Machu Picchu Ruins, Landmarks and Temples

(Machu Picchu, Peru)

View of the remains of Machu PicchuThe ancient pre-Columbian site that is the Lost City of the Inca Empire is best known to the world as Machu Picchu, which translates simply as 'Old Mountain'. Machu Picchu is famous outside of Peru for its well-preserved Inca ruins and mountain terraces, and is known to have been constructed to be the official home of the Inca rulers in the middle of the 15th century, serving as a ceremonial centre for up to 750 residents at any given time.

Standing on a prominent mountain ridge, Machu Picchu overlooks the Urubamba River and now ranks as one of the New Seven Wonders of the World and also as an important World Heritage Site. Just one century after its creation, this Inca site was abandoned and never revealed to the conquering Spaniards, remaining lost to the world for over 350 years. In 1911 Machu Picchu was discovered completely by accident by Hiram Bingham, a historian from the USA, who initially believed it to be the Lost City of Vilcabamba.

Further photo of the Inca remains at Machu Picchu

Landmarks, Temples and General Information

Each day, the ruins of Machu Picchu are visited by a maximum of 2,500 people, who come to wander around the temples, admire the craftsmanship of the dry-stone walls, enjoy the endless mountain views, and try to experience the mystery and grandeur first hand.

Machu Picchu itself is open from dawn until dusk, and tends to be at its busiest between 10:00 to 14:00 each day, although those trekking along the Inca Trail usually arrive at sunrise. Alternatively, early morning buses from nearby Aguas Calientes are on hand, with July and August predictably being the busiest months.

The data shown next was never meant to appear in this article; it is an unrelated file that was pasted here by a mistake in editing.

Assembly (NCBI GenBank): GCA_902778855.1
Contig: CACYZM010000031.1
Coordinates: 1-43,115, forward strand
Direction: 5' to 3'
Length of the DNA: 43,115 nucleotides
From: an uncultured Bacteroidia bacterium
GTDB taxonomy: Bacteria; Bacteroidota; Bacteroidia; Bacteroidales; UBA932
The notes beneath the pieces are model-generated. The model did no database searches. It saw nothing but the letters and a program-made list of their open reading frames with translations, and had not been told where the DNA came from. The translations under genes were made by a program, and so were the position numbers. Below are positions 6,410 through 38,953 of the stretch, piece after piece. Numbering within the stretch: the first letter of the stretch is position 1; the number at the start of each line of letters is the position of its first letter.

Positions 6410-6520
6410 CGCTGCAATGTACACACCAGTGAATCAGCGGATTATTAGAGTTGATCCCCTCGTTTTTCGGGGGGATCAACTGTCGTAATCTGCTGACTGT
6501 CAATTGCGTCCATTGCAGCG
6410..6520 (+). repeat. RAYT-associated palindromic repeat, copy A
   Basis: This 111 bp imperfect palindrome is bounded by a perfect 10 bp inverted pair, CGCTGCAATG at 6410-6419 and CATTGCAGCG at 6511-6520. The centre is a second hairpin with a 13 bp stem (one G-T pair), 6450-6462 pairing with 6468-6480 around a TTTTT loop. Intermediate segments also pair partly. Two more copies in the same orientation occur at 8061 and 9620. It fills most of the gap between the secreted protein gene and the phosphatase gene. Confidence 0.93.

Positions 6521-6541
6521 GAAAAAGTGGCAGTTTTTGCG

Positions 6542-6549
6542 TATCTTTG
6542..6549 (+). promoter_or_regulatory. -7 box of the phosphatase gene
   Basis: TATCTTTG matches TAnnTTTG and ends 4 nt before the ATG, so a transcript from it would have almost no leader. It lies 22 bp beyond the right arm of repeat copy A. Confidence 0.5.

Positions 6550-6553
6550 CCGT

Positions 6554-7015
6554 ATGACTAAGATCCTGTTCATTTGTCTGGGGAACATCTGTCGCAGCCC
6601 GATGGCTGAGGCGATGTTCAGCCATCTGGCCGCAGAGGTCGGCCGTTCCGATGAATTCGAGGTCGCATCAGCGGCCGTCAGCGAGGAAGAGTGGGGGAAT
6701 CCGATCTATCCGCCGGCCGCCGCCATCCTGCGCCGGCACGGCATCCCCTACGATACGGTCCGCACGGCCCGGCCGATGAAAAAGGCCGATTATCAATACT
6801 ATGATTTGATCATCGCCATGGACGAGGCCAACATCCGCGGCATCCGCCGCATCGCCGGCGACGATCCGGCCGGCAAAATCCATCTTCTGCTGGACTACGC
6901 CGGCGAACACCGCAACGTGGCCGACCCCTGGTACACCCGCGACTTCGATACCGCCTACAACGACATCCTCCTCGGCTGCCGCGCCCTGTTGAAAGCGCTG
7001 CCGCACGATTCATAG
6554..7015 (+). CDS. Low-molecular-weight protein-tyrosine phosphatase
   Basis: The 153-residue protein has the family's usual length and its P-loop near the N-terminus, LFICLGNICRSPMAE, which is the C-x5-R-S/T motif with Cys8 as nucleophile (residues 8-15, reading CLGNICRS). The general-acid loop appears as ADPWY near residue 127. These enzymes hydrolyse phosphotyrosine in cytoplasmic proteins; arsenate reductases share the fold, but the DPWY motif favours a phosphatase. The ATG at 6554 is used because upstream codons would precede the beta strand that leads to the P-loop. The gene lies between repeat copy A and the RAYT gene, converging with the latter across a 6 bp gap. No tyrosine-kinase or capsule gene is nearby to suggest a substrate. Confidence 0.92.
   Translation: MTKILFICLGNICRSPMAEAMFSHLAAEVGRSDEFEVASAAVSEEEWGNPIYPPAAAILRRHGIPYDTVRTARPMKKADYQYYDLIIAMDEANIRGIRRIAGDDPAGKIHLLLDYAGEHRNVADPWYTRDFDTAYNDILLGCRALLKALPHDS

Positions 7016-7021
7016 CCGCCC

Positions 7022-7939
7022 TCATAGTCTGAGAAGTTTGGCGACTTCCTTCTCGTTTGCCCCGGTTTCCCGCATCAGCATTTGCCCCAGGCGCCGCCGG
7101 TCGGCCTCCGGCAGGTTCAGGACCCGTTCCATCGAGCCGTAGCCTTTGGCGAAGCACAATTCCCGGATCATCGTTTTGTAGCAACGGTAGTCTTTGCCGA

Close-up photo showing Machu Picchu site and stoneworkOne-day tickets for the site are expensive and must be purchased prior to your arrival, from the Machu Picchu Ticket Office in Aguas Calientes, at the Edificio del Instituto Nacional de Cultura, and are only valid for the actual allocated day.

Tickets are also available from good travel agents, and from tour operators within Cusco, and should always be purchased well in advance.

Aerial view of the Machu Picchu architectureUnless you arrive at the Machu Picchu ruins by trekking along the Inca Trail, you will enter the terraces from their southerly side, passing through a ticket gate and walking along a short footpath.

For the best aerial views and photo opportunities, climb the steep staircase on the left-hand side. A number of large plazas roughly divide Machu Picchu into two particular areas. The main landmarks and Inca temples include the following, in the order they are most likely to be encountered: